Track 1 – Practice-based innovation and quality improvement
Anders Fundin, Mälardalen University –
Henry Larsen, University of Southern Denmark –
While innovation creates variation and brakes stability to be effective on the cost of efficiency, quality management is in practice used to ensuring low variation and high stability to achieve efficiency on the cost of effectiveness.
Track 2 – Participatory innovation in health practices
Mia Folke, Mälardalen University –
Tomas Markussen, University of Southern Denmark –
Due to pressures on welfare services and health provision (ageing, chronic diseases) there is a need to develop new health practices. These innovations may involve the use of emergent technologies, change through patient involvement, organisational learning, or the rethinking of health policies.
Track 3 – Creative interaction and artistic practices in workgroups
Bengt Köping Olsson, Mälardalen University –
Anne Pässilä, Lappeenranta University, Lahti –
In creative group processes, ideas and understanding emerges through social interaction. A fundamental challenge for workgroups’ creativity is how to enable a fruitful combination of differences - that all members contribute towards mutually shared goals. Artistic practices can help deal with challenging situations. The arts have been utilized strategically to sharpen skills needed in day-to-day work performance such as communication and interaction, or have contributed to practical outcomes such as developing ideas and strategies for reflection and learning from experiences.
Track 4 – Visual representations in participatory innovation
Jennie Schaeffer, Mälardalen University –
Koteshwar Chirumalla Mälardalen University –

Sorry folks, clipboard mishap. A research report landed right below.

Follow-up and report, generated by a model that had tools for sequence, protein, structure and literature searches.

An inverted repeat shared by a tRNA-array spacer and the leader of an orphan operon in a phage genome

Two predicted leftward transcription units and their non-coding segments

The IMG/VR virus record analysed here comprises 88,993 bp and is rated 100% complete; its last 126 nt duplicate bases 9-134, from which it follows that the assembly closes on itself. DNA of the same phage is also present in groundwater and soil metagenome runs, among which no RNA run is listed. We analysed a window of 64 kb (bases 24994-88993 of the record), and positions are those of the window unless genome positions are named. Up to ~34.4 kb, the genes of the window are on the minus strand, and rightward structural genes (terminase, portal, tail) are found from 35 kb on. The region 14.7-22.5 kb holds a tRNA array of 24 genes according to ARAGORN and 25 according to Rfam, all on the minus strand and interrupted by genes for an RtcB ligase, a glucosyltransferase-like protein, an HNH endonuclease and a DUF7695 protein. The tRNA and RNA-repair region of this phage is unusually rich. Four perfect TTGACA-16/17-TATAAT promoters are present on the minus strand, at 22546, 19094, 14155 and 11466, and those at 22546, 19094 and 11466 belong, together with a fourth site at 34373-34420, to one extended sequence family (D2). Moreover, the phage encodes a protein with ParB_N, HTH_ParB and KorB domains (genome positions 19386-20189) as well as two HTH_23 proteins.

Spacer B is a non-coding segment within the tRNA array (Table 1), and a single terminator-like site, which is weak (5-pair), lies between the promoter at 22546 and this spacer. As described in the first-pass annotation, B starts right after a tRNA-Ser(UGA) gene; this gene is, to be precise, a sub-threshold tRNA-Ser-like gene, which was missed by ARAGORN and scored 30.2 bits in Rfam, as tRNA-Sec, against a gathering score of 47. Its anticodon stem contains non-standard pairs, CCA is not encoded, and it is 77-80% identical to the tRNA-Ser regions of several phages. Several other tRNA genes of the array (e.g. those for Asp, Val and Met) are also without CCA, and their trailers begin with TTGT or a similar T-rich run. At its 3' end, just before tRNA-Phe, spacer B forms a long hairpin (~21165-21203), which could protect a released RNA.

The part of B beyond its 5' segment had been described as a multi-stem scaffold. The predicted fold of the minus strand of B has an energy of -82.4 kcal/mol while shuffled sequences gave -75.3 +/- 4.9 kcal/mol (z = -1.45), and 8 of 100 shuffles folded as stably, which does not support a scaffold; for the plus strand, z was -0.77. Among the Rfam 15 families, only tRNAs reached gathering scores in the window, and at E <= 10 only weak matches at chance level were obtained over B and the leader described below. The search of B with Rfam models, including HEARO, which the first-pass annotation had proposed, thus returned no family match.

Brendon Clark, Interactive Institute Stockholm –
Visual representations play multiple roles in innovation and design processes. Their value is not solely defined by their form, how they were developed, what they do and do not represent, but emerges in how they are introduced, used, and re-used. How representations are generated and the accompanying “ethical contract” with those represented is increasingly difficult to manage once the author leaves the material. At the same time, the rhetorical practices of such powerful visual media raise additional questions about what is represented, how and why, and what is hidden.
Track 5 – Collaborative research on product design and production innovation
Glenn Johansson, Mälardalen University –
Kristina Säfsten, Jönköping University –
Jacob Buur, University of Southern Denmark –
In innovation research, it is crucial to achieve both academic rigour and industrial relevance. One way is through collaborative research approaches that aim at co-creating knowledge. This track seeks to boost the understanding of collaborative research methods, in particular where researchers work with industry and external organisations to concurrently solve concrete problems and generate generic knowledge within product design and production innovation as well as the integration between the two (e.g. participatory action research, interaction research, design research, ethnographic research etc.). As an example, the manufacturing area has had a long tradition of employee participation in quality improvement that also includes collaborative research activities.